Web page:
Tag Archives: summer of solutions

Fantasticfest at the Zion Street Community Garden!

Summer of Solutions is a youth lead urban farming nonprofit based out of Hartford’s Frog Hollow neighborhood. Summer of Solutions creates internship opportunities for young people to build community and school gardens. By maintaining a total of seven gardens, Summer of Solutions teaches young people, as well as members of the community, how to grow and prepare their own food.

On Friday, July 25th from 5-7pm Summer of Solutions will be holding its first “Fantasticfest” which will be a celebration of food, family, and fun. The event, held at Summer of Solutions’ community garden on Zion Street, will also feature a live puppet show, scavenger hunt, and a visit from the Frog Hollow Fire Department. The organization will also be fundraising by selling hot dogs, snacks and handcrafted goods. The event will highlight fantastic seasonal produce, grown by Summer of Solutions interns, volunteers, and participants.

 

Download the Poster Here!10472693_540054132786706_154027856706551072_n

Advertisements
Tagged , , , , , , , , , , , ,

Exhibit In a Day: 3 Ways to Grow Food in A Window

I’m on the team working at the Burns Latino Studies Academy and the Connecticut Trash Museum. Recently, we planned to build an indoor garden exhibit at the museum using recycled materials.

This is the wall where we installed the exhibit. It has three big windows. Step 1: Remove the window blinds

This is the wall where we installed the exhibit. It has three big windows. Step 1: Remove the window blinds

The exhibit is an inside garden used as an example of things you can create in your own garden, house, or apartment. The purpose of the exhibit is to show that you don’t need a lot of space to grow your own food and it can be as simple as hanging curtains on a window. We installed the garden in one big workday on June 27th as to interrupt the museum visitors as little as possible. We planted a variety of things that need just the right amount of space to grow in a box, gutter, or plastic bottle. We planted swiss chard, lettuce, parsley, rosemary, mint, strawberries, and succulents, cilantro, basil, and a few flowers.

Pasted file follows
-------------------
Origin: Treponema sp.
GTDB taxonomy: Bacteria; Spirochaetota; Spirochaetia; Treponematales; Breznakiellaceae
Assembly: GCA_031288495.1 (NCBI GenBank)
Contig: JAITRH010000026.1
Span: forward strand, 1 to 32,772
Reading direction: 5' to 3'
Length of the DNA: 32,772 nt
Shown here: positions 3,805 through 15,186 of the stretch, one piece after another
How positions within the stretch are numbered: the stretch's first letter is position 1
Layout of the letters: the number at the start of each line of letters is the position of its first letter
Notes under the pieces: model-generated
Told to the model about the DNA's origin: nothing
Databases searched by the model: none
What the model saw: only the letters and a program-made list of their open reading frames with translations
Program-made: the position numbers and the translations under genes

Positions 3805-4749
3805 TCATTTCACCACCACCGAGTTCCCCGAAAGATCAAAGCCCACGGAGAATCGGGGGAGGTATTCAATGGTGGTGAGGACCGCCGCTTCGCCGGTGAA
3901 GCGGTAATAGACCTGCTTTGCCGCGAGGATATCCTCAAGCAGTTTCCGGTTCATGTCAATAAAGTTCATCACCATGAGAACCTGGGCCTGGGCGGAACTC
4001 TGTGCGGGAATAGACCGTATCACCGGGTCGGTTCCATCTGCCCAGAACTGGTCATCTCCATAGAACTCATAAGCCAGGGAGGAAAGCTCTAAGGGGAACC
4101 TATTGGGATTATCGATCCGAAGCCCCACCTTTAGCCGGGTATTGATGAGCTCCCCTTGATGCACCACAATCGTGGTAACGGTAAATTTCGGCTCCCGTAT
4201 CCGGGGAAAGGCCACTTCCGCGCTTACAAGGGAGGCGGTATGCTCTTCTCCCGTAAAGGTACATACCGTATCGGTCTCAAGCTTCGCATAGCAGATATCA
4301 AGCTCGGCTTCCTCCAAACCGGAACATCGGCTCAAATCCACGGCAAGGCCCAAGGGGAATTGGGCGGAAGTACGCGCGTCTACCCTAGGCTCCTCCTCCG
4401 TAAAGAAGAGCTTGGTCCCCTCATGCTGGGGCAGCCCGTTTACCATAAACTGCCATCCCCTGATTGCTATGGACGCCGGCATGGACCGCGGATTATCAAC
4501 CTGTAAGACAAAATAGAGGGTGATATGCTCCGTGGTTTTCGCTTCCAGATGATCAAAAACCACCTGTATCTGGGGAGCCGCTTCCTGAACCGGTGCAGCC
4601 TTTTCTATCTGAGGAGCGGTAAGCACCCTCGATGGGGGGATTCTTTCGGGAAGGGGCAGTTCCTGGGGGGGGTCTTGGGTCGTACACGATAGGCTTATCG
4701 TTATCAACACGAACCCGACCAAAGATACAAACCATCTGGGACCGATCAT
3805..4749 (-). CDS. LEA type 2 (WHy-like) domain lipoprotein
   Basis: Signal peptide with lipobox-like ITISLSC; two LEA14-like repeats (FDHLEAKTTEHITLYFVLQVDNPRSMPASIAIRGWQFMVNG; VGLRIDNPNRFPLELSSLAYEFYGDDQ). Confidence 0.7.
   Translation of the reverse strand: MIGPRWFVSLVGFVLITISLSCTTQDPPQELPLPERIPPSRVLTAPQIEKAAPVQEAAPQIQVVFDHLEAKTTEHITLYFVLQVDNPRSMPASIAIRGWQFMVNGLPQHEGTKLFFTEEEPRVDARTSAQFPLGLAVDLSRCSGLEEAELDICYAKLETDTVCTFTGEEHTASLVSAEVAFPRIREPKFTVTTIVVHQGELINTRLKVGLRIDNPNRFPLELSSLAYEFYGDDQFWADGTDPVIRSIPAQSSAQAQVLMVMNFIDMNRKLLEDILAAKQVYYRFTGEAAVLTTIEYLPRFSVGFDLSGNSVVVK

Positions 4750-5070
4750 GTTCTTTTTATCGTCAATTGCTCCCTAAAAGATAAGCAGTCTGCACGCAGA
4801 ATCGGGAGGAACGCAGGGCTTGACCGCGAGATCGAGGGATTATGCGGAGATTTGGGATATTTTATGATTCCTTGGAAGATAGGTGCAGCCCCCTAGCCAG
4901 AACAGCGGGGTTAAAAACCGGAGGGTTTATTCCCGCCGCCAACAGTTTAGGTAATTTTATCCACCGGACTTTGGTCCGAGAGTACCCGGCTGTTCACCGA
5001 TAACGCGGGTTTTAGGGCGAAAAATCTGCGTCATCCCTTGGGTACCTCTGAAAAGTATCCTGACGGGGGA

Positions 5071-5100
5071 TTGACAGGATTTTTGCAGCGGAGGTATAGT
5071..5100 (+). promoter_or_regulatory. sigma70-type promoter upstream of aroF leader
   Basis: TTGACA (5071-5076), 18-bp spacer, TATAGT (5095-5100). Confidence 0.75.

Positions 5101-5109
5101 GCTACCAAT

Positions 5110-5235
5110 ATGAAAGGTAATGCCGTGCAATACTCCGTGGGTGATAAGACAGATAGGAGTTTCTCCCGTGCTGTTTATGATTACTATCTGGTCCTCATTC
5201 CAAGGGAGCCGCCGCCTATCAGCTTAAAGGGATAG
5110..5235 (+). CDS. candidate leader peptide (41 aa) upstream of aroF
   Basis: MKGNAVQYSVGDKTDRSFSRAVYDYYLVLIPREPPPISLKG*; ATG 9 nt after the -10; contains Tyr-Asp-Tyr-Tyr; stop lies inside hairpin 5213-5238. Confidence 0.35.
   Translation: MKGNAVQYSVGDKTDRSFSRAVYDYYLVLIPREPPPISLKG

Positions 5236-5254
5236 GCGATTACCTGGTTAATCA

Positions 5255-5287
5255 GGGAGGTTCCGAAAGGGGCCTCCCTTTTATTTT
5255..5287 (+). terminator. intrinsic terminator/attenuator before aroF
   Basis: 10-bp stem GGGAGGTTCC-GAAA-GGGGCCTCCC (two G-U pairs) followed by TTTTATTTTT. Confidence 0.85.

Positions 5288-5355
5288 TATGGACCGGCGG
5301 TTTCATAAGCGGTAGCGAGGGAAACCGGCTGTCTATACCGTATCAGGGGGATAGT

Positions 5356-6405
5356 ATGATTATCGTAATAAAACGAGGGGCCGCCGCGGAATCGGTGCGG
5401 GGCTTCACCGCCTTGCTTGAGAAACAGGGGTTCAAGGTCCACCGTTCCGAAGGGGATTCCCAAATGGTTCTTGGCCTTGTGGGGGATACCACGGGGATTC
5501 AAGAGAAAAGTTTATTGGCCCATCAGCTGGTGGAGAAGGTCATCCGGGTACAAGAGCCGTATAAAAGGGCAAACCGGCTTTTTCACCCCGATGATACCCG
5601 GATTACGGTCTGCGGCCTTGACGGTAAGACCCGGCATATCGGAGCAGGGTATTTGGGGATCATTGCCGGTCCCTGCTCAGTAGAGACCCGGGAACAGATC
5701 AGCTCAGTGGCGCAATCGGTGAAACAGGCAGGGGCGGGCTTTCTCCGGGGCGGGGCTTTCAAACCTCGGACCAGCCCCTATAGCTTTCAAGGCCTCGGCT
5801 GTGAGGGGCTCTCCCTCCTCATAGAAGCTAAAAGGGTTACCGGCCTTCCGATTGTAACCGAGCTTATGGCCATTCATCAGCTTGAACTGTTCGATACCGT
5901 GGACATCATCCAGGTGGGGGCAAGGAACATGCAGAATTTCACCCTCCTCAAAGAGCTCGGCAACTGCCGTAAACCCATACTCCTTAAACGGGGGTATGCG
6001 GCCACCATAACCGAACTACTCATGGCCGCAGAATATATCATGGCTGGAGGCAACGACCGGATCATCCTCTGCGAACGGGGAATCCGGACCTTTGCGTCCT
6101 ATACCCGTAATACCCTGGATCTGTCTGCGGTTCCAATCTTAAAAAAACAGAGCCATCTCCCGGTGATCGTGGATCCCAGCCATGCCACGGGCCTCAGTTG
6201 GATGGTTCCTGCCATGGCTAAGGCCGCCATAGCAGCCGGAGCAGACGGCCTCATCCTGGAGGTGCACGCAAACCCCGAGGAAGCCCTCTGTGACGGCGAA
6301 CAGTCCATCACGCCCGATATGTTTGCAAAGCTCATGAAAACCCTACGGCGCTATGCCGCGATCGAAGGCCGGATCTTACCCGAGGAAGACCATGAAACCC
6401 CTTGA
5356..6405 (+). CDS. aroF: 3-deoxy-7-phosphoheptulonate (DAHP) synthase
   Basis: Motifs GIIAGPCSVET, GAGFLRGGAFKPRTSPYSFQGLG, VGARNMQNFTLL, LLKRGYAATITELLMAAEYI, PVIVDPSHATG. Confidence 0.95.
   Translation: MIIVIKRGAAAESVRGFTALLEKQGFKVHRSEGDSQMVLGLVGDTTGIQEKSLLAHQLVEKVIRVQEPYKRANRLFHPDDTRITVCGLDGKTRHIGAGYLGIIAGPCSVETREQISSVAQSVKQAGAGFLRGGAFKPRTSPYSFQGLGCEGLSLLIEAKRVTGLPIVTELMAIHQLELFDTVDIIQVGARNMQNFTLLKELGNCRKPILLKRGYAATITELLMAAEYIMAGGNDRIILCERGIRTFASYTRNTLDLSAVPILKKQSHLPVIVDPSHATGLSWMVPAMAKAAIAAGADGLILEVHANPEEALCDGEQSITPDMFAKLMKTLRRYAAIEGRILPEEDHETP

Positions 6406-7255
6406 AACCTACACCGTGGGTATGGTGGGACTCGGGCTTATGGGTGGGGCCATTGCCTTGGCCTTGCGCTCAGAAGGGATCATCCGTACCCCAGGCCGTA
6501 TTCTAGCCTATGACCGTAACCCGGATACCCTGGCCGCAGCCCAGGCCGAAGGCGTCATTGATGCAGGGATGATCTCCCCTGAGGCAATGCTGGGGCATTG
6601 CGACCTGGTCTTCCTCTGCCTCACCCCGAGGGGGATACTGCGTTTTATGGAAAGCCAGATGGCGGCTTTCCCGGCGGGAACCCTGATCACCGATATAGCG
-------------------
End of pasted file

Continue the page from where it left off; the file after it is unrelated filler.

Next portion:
This is Tenaya painting the gutter garden. The gutters were recycled from a construction project. We cut  them to 4 feet, drilled drainage holes and wire holes in the bottom, and cemented gutter caps to the edges.

This is Tenaya painting the gutter garden. The gutters were recycled from a construction project. We cut them to 4 feet, drilled drainage holes and wire holes in the bottom, and cemented gutter caps to the edges.

Step 3: We filled each gutter with soil and transplanted our seedlings. Next, we installed hooks over the window frame and hung the gutters. At home, you can just hang them, but because the museum has thousands of children visit each year, we also drilled the gutters into the window frame on each side, so they couldn't be tipped over.

We filled each gutter with soil and transplanted our seedlings. Next, we installed hooks over the window frame and hung the gutters. At home, you can just hang them, but because the museum has thousands of children visit each year, we also drilled the gutters into the window frame on each side, so they couldn’t be tipped over.

 

 

 

This is Brendan and Tenaya mixing compost and manure to make a soil mix for the gutters.

This is Brendan and Tenaya mixing compost and manure to make a soil mix for the gutters.

The first window holds a gutter garden. We built this by taking used gutters and drilling holes at the bottom. Next we strung the gutters with wire that was strong enough to hang from a window and hold the gutters once they were filled with plants and soil. After threading the wire through the gutter, we looped it at the top so the garden would have something to hang from. After assembling the garden we filled it with a mixture of manure and soil (you can use whatever you find suitable for what you want to grow) then transplanted all of our seedlings. With the help of all of our team members and volunteers we hung the gutter garden on fish hooks that we screwed to the top of the window.

Last year, Mike Roach carved a sign for the Zion Street Garden, renaming it in honor of our neighbor, Wesley Colbert. We built this box out of the scrap wood he used to practice the carving.

Last year, Mike Roach carved a sign for the Zion Street Garden, renaming it in honor of our neighbor, Wesley Colbert. We built this box out of the scrap wood he used to practice the carving.